Congenital Blood Coagulation Factor XIII Deficiency and Perinatal Management
Transglutaminases are at least 9 enzymes which cross-link a number of proteins. This type of reaction not only enhances the original functions of substrate proteins, but also adds new functions to them. Factor XIII (FXIII) is a plasma transglutaminase circulating in blood as a heterotetramer and consisting of two catalytic A subunits and two non-catalytic B subunits. It is a proenzyme activated by thrombin in the blood coagulation cascade. It plays an important role(s) in hemostasis, wound healing, and maintenance of pregnancy. Accordingly, a lifelong bleeding tendency as well as abnormal wound healing and recurrent spontaneous miscarriage are common symptoms of FXIII deficiency. Genetic and molecular mechanisms of congenital deficiencies have been analyzed in vitro. The mechanisms of these defects have also been studied in detail by using FXIII gene knock-out mice in vivo. We analyzed eight successful outcomes of pregnancy in patients with congenital deficiency of FXIIIA, in which the plasmatic level of maternal FXIIIA and/or the precise substitute therapies were mentioned. Then we propose the following guidelines for the perinatal management: (i) decidual bleeding usually begins from 5 weeks of gestation and spontaneous abortion always occurs subsequently without substitute therapy; (ii) the plasma level of FXIIIA must be at least 2∼3%, however, if possible, higher than 10% to prevent bleeding and miscarriage; (iii) the administration of 250 IU of FXIIIA concentrate each 7 days is enough to keep the level of plasma FXIIIA more than 10% in the early gestation, however 500 IU each 7 days is adequate in the later period to keep that level; (iv) during labor, the desired level is higher than 20%, if possible, higher than 30% to avoid any risk of strong obstetrical bleeding.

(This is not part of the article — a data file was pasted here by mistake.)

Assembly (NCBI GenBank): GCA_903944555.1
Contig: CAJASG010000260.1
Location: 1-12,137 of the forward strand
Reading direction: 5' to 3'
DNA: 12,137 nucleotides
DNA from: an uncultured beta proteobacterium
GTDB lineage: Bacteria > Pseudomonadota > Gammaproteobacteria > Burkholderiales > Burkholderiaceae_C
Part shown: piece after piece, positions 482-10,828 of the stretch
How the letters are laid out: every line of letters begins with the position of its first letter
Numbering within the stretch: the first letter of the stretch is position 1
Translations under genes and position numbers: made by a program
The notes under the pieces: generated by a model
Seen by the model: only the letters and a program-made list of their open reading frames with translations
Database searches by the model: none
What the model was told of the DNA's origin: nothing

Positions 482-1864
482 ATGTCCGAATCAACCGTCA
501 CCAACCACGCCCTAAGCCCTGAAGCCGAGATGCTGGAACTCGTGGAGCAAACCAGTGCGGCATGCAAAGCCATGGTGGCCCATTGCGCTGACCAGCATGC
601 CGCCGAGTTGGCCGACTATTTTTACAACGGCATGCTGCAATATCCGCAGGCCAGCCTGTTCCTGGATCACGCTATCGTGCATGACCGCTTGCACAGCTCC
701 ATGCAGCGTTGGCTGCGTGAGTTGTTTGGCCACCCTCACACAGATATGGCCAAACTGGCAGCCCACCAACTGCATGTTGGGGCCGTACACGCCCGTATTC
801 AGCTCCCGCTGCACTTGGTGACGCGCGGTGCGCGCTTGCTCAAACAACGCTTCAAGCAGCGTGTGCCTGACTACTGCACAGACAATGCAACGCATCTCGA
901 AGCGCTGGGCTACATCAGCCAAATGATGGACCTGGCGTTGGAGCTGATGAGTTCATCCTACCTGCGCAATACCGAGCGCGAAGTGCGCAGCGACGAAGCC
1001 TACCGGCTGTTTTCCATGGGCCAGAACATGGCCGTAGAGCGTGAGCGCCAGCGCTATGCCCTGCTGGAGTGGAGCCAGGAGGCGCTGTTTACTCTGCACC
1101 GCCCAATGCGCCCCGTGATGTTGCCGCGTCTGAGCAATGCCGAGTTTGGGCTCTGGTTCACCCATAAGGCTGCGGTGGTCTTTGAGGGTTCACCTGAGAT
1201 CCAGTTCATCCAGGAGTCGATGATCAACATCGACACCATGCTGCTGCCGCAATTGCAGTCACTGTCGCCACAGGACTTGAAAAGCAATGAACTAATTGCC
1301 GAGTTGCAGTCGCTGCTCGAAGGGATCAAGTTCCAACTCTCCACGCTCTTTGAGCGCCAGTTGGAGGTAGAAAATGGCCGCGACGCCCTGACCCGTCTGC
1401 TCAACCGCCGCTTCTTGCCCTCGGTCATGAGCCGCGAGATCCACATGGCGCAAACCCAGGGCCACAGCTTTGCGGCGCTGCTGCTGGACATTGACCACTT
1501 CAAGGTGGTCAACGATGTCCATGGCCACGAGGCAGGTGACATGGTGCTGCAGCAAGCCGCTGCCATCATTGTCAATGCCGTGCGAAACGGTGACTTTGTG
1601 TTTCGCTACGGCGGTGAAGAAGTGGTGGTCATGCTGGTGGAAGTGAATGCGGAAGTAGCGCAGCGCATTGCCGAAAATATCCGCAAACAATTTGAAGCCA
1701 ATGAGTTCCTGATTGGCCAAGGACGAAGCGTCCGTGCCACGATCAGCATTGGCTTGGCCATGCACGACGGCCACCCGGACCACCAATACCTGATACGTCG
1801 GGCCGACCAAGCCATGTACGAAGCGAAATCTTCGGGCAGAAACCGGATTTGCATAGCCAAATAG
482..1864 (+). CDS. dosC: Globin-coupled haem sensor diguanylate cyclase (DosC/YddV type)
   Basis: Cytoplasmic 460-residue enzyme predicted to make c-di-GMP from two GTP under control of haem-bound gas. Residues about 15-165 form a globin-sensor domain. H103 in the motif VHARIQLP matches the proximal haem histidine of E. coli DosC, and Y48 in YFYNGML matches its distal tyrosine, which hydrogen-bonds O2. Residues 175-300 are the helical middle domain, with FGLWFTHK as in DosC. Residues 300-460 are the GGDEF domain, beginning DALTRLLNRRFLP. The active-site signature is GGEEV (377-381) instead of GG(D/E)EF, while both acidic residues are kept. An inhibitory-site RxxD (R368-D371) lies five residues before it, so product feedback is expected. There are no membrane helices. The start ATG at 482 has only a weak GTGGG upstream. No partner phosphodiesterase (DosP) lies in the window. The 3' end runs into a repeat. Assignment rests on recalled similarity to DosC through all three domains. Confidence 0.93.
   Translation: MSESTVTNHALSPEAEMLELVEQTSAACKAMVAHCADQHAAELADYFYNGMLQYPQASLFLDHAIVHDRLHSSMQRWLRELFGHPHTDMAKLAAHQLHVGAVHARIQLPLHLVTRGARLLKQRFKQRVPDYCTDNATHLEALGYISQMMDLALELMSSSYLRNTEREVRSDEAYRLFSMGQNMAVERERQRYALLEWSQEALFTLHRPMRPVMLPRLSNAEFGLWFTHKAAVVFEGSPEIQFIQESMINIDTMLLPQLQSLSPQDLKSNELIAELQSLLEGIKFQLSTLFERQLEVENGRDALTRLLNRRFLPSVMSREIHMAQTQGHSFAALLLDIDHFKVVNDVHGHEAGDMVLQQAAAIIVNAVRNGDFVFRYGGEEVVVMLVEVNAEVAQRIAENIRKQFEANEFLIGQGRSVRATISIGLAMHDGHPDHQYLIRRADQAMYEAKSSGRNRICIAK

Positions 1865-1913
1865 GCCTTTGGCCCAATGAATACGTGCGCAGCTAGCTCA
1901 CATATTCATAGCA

Keywords: transglutaminase, gene family, cross-linking reaction, mutation, congenital factor a deficiency, miscarriage, substitute therapy
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